Consider this perhaps-coincidental report that emerged the day before the league announced the Kaepernick event:
Cowboys defensive end Michael Bennett reportedly said Monday that his new teammates in Dallas, not team owner Jerry Jones, convinced him to start standing on the sidelines during pregame renditions of the national anthem.
Bennett, one of the league’s most outspoken players on social issues, as well as a prominent advocate for Colin Kaepernick’s return to the NFL, had been staging forms of protest during the anthem since the 2017 season. When he was acquired last month from the New England Patriots, he reportedly reached an understanding with Dallas, and Jones said at the time, “I’m satisfied that, in Michael, we’ve got a player who knows how we do it here with the Cowboys.”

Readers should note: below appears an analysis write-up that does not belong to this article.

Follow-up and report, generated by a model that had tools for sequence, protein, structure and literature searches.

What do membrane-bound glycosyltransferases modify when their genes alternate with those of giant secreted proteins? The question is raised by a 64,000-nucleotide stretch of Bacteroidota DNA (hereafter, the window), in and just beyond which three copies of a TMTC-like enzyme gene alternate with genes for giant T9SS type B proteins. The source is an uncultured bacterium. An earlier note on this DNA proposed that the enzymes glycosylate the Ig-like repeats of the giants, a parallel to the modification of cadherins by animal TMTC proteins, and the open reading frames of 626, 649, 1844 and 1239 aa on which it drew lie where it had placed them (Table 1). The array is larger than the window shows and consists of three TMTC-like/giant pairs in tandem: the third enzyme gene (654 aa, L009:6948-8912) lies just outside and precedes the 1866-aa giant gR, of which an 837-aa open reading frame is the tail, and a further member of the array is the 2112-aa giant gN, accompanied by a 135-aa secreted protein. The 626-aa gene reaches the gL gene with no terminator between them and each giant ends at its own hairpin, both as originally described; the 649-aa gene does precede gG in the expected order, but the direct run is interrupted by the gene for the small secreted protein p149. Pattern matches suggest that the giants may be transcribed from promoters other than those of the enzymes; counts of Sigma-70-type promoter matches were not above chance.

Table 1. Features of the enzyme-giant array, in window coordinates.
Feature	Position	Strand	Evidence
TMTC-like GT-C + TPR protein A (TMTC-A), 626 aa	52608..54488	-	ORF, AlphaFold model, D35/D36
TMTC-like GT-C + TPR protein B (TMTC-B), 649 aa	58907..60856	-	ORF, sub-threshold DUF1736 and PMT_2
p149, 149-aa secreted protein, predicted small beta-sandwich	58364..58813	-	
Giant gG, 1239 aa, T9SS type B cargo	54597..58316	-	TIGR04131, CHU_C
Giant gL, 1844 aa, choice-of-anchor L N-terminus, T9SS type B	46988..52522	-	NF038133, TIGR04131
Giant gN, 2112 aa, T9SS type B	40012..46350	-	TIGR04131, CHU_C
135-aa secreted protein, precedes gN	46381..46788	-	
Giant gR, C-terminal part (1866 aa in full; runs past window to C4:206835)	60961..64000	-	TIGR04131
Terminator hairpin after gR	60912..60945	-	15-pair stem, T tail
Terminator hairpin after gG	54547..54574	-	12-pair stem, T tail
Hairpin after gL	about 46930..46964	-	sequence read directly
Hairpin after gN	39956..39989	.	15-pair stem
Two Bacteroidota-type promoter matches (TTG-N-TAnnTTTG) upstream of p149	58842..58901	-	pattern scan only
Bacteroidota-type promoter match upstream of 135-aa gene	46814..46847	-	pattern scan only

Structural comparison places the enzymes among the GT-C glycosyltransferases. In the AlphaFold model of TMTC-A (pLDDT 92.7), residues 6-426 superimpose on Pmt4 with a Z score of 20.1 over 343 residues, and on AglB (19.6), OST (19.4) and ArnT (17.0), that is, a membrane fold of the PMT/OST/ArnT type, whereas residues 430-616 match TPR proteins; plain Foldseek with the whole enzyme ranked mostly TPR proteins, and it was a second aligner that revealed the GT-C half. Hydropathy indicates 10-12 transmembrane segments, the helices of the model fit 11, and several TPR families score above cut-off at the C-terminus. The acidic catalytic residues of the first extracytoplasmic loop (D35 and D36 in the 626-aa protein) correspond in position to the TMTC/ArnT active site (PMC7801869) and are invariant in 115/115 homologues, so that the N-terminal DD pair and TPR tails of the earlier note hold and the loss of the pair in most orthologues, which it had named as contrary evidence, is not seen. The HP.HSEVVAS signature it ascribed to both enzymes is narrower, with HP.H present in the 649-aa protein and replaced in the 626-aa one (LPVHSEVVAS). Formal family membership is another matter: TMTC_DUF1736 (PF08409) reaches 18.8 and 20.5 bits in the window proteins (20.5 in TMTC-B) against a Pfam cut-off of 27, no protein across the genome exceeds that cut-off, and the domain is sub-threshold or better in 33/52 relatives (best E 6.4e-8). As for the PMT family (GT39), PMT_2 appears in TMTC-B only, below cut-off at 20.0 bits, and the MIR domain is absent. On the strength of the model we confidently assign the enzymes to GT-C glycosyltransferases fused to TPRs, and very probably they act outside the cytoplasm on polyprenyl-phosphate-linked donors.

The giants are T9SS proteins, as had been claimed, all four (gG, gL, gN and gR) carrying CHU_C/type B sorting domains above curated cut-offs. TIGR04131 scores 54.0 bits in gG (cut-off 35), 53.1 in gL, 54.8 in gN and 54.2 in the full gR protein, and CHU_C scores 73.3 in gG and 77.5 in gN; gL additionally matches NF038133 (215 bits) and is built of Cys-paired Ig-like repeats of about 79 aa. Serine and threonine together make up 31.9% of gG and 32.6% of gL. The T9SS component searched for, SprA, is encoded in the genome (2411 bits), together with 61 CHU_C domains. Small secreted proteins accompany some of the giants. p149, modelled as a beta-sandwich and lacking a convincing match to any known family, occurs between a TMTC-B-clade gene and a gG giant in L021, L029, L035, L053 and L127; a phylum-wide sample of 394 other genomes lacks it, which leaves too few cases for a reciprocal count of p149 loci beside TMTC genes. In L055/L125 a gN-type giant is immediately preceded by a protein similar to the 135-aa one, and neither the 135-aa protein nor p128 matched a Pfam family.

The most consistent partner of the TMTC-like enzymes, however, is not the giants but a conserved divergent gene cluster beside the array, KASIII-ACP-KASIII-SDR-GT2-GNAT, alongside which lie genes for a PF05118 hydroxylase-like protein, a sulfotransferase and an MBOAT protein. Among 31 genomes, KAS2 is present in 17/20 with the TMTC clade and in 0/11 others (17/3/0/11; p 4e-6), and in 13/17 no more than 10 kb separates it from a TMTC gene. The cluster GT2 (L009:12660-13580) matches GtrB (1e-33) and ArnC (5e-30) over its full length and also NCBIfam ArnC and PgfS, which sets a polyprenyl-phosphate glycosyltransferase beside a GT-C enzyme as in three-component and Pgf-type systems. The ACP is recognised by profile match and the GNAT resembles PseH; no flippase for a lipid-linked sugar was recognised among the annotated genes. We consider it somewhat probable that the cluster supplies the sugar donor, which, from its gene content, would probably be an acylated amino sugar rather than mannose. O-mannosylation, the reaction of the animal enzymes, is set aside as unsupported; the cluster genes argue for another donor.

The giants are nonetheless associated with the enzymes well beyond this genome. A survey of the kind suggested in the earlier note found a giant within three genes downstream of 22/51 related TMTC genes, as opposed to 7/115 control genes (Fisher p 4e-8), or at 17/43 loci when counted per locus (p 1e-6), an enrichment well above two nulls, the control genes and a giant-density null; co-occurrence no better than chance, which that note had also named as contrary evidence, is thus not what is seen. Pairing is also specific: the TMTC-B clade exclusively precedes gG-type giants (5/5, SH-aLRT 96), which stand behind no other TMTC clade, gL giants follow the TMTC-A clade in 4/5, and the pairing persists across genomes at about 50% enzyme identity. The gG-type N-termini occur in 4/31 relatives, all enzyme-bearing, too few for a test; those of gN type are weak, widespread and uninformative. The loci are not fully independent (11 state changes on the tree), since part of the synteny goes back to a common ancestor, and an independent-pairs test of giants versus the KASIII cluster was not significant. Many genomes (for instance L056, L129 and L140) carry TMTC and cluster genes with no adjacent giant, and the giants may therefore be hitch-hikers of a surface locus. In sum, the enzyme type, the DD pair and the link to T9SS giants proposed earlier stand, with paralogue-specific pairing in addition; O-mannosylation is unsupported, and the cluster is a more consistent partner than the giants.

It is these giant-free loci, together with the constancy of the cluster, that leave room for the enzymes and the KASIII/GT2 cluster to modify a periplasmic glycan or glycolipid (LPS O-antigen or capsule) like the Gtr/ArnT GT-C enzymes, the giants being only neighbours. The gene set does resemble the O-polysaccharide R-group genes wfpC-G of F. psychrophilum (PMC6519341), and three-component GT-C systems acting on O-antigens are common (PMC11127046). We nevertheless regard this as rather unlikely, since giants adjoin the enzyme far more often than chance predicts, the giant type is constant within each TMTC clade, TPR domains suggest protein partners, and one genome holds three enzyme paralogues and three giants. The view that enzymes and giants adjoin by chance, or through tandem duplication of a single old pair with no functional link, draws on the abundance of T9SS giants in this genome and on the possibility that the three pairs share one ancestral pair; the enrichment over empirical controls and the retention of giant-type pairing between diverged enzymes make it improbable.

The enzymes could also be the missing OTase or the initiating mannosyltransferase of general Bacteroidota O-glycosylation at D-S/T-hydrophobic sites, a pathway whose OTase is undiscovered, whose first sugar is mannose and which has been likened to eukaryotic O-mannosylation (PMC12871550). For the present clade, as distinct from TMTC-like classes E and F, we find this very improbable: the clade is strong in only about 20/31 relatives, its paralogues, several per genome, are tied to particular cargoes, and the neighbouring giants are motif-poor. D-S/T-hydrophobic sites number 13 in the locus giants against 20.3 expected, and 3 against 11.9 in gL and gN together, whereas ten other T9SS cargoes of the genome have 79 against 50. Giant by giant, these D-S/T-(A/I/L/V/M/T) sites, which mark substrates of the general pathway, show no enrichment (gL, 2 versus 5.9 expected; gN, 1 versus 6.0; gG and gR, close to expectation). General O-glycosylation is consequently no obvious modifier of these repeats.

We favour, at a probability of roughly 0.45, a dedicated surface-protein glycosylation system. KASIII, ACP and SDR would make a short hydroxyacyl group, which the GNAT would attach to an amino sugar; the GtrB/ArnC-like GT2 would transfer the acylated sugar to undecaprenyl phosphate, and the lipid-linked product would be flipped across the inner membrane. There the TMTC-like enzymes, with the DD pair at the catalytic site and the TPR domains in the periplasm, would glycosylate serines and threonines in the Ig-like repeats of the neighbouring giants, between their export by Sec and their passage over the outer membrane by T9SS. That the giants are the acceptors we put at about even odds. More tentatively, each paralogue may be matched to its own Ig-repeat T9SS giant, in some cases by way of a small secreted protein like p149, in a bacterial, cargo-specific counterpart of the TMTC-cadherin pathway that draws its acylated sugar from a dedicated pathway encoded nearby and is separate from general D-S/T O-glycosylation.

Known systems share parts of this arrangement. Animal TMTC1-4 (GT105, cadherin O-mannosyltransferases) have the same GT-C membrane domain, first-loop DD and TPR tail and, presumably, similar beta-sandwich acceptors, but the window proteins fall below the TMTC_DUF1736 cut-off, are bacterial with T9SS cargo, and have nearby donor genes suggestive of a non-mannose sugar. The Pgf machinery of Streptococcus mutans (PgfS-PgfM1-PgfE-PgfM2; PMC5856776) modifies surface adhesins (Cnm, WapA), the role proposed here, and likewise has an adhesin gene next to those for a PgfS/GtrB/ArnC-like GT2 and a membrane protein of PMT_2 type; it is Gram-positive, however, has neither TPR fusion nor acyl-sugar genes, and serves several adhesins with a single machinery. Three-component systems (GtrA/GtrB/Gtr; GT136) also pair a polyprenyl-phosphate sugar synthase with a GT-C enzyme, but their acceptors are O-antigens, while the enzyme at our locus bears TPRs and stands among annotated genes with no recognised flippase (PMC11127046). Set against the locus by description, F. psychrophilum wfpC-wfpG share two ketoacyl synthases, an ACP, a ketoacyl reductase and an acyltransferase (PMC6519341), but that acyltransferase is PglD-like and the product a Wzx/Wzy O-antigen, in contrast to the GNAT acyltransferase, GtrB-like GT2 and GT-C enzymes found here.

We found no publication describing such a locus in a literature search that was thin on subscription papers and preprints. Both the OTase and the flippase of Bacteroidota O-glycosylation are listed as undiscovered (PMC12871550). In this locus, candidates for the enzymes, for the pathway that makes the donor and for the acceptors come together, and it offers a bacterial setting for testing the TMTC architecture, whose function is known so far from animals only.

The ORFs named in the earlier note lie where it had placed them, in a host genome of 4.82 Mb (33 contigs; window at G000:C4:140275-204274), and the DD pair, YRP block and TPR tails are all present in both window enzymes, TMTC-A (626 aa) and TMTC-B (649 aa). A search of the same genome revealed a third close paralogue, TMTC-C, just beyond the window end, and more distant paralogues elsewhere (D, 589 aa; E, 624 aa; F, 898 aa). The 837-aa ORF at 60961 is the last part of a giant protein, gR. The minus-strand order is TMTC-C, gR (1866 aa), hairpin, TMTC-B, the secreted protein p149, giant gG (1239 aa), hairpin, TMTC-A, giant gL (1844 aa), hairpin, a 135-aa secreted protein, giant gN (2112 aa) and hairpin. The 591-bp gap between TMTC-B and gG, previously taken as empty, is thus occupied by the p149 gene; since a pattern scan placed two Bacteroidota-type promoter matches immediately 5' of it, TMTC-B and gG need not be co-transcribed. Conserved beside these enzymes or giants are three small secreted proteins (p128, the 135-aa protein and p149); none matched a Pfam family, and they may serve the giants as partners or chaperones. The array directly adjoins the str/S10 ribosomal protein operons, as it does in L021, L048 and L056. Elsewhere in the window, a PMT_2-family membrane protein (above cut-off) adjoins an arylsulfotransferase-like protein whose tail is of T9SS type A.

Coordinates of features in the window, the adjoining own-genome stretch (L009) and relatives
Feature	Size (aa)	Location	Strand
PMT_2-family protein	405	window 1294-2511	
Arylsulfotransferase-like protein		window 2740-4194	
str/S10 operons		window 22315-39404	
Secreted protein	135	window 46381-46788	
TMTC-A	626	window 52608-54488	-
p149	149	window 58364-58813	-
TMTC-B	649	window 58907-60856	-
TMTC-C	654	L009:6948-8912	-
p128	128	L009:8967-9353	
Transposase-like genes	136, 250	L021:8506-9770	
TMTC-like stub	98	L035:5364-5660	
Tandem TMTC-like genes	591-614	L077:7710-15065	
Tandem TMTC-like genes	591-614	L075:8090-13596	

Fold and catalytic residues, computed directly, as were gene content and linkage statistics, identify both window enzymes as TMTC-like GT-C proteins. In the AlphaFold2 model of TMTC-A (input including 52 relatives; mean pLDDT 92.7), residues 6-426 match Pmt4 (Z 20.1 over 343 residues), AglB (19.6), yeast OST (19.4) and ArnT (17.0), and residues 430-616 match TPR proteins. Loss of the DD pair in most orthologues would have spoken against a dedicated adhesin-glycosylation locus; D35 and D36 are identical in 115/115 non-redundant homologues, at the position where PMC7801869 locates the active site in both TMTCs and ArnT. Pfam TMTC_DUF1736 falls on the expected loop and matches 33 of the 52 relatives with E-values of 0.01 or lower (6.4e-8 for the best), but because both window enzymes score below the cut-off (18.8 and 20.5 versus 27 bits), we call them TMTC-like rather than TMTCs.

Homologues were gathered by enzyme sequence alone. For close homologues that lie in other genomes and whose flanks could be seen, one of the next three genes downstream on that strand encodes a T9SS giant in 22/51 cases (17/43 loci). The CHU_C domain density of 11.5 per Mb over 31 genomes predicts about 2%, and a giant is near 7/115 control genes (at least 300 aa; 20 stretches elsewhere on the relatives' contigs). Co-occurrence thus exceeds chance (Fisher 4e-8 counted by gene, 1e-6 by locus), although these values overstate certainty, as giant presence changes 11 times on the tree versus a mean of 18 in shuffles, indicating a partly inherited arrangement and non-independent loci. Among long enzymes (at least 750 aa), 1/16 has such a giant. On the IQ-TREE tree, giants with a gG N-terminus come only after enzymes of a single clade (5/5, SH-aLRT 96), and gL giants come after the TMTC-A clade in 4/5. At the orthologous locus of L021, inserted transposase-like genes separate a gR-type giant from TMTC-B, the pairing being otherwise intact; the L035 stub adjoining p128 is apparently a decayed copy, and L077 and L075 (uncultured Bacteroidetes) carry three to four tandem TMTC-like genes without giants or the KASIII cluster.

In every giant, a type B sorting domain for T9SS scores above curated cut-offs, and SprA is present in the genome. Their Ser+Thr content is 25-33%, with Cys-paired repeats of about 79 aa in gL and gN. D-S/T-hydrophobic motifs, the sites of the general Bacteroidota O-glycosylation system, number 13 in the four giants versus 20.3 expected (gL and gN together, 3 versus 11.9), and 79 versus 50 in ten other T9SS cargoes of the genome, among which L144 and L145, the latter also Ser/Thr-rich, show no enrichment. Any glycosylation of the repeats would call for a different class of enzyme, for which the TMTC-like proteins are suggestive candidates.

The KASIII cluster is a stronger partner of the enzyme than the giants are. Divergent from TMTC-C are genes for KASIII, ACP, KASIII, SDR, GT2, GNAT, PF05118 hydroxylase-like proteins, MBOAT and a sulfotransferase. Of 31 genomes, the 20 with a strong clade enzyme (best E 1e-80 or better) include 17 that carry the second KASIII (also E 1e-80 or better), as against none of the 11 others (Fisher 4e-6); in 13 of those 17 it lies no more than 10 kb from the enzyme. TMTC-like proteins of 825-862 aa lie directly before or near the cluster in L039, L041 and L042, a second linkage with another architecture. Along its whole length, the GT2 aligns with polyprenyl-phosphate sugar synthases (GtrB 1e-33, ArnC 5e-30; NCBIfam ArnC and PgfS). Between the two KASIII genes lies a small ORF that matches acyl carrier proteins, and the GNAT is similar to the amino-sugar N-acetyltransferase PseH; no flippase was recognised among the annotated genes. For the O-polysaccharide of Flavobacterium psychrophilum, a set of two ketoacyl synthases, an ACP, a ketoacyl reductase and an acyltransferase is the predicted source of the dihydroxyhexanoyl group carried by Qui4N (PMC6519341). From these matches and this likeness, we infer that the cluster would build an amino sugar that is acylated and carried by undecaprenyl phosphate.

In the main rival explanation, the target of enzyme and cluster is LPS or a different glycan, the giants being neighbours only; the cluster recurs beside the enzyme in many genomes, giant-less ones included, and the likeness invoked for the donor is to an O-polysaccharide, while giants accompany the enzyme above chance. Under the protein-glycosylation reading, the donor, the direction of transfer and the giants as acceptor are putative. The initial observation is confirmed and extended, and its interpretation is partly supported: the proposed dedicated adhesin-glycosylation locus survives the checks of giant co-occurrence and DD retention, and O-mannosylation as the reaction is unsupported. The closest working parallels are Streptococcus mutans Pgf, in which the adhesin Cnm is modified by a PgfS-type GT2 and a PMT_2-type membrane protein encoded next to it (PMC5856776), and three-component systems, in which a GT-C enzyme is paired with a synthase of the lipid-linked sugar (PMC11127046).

Sure enough, in his first two games with his new team, Bennett was seen standing on the sidelines as the anthem was being performed. With the Patriots earlier in the season and with the Philadelphia Eagles in 2018, he stayed in the locker room, and he sat on the sidelines while with the Seattle Seahawks in 2017.
Did Bennett just suddenly throw his friend under the bus, or was he the last piece to fall into place for Kaepernick’s return? Outspoken ESPN analyst Stephen A. Smith is hearing that this tryout is mandatory, as will be an offer from some team shortly thereafter. The only way Kaepernick doesn’t get an offer after Saturday’s workout is if he can’t throw the ball — or if he can’t keep his big mouth shut:
“Only Colin Kaepernick can mess this up, it’s beyond all that other stuff now.”
— Golic and Wingo (@GolicAndWingo) November 13, 2019